oak

Should I Use Oak for My Woodworking Projects?

This article will explain why you may want to select oak as the wood for your next woodworking project.

One of the most difficult things to do as a new woodworker is to decide which type of wood to use for your projects. Many different species of hard and soft woods are readily available these days, ranging from cheap pine construction lumber bought at the local big box store to expensive exotic woods available from specialty lumber dealers.

Having so many woods to choose from may make it difficult to choose the right wood. Here are some things to ponder if you think oak may be the way you want to go.

Main Uses of Oak Lumber

Red oak and white oak are two of the most commonly used woods in the US.  It’s been said that America was built with these woods because of their availability, strength, and durability since the colonial years to the present.

Red and white oaks are used in a wide variety of applications. These include furniture, flooring, architectural millwork and trim, doors, kitchen cabinets, paneling, and even caskets. White oak is used for aging wine and whiskeys. In fact, bourbon, by law, must be aged in new, charred white oak barrels.

oak barrels

Interior vs. Exterior Uses

Red and white oak are very durable. However, some oaks are not suitable for exterior use. Because of its open grain structure, red oak is very porous, especially if it is not properly finished.

In fact, red oak is so porous that you can rub a small amount of dishwashing liquid on the end of a freshly cut board and blow through the other end to create bubbles. This is a fantastic way to really impress your non-woodworker friends of your super hero-size lung power. They’ll never know a ten-year old can do the same!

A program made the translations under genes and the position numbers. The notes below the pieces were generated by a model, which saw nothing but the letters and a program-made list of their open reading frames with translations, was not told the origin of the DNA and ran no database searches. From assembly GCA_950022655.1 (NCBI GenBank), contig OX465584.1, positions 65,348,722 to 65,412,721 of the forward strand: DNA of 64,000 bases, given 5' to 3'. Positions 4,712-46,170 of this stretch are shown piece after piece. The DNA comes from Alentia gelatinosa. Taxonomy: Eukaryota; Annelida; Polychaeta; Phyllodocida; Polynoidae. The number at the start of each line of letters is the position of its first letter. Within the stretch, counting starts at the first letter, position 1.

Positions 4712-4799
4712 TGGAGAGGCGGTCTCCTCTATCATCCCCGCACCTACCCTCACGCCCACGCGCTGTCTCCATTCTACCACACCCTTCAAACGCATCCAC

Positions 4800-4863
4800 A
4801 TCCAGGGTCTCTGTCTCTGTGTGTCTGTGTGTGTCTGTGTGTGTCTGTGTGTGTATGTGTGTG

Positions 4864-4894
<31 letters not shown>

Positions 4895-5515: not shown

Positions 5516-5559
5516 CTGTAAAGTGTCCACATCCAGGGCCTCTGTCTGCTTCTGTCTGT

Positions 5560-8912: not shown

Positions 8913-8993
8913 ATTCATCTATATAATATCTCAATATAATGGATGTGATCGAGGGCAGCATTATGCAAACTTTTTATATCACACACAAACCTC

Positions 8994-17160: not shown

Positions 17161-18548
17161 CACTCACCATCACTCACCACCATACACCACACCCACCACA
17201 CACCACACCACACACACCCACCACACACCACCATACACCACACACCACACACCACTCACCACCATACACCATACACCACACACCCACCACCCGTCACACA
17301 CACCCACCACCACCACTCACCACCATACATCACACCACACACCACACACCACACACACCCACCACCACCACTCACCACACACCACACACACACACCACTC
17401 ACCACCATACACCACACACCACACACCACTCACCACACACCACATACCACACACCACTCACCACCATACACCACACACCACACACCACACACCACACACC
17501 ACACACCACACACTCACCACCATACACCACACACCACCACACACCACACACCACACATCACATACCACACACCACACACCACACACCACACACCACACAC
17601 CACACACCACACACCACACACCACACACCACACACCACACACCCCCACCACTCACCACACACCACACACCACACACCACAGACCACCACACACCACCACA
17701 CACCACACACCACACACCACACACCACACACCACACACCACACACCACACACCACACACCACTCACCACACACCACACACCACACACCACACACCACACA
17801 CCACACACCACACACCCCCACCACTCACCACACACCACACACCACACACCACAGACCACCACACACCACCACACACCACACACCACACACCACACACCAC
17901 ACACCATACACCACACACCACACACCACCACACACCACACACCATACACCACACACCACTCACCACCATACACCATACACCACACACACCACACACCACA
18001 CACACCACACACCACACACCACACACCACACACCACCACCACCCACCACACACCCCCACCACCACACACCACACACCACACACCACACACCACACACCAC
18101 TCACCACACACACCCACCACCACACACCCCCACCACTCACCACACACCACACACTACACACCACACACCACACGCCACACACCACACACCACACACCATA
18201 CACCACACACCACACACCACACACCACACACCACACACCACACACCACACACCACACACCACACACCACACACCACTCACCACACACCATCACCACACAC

On close examination, the cells of red oak resemble a bundle of straws. This structure results in a capillary action where the cells draw moisture up into the wood, resulting in lower resistance to water damage and rot. Because of this porosity, red oak is best suited for interior uses and not for outdoor furniture.

In contrast, white oak’s pores are filled with something called tyloses, resulting in a closed grain structure that reduces the amount of moisture the wood absorbs. This makes white oak more resistance to rot and decay. Therefore, white oak, properly finished, is a great choice for outdoor furniture.

Design Considerations

Red oak and white oak are beautiful woods. They convey a sense of strength and glow when properly finished. However, you may want to consider if another wood would be a better choice if your furniture design is more contemporary.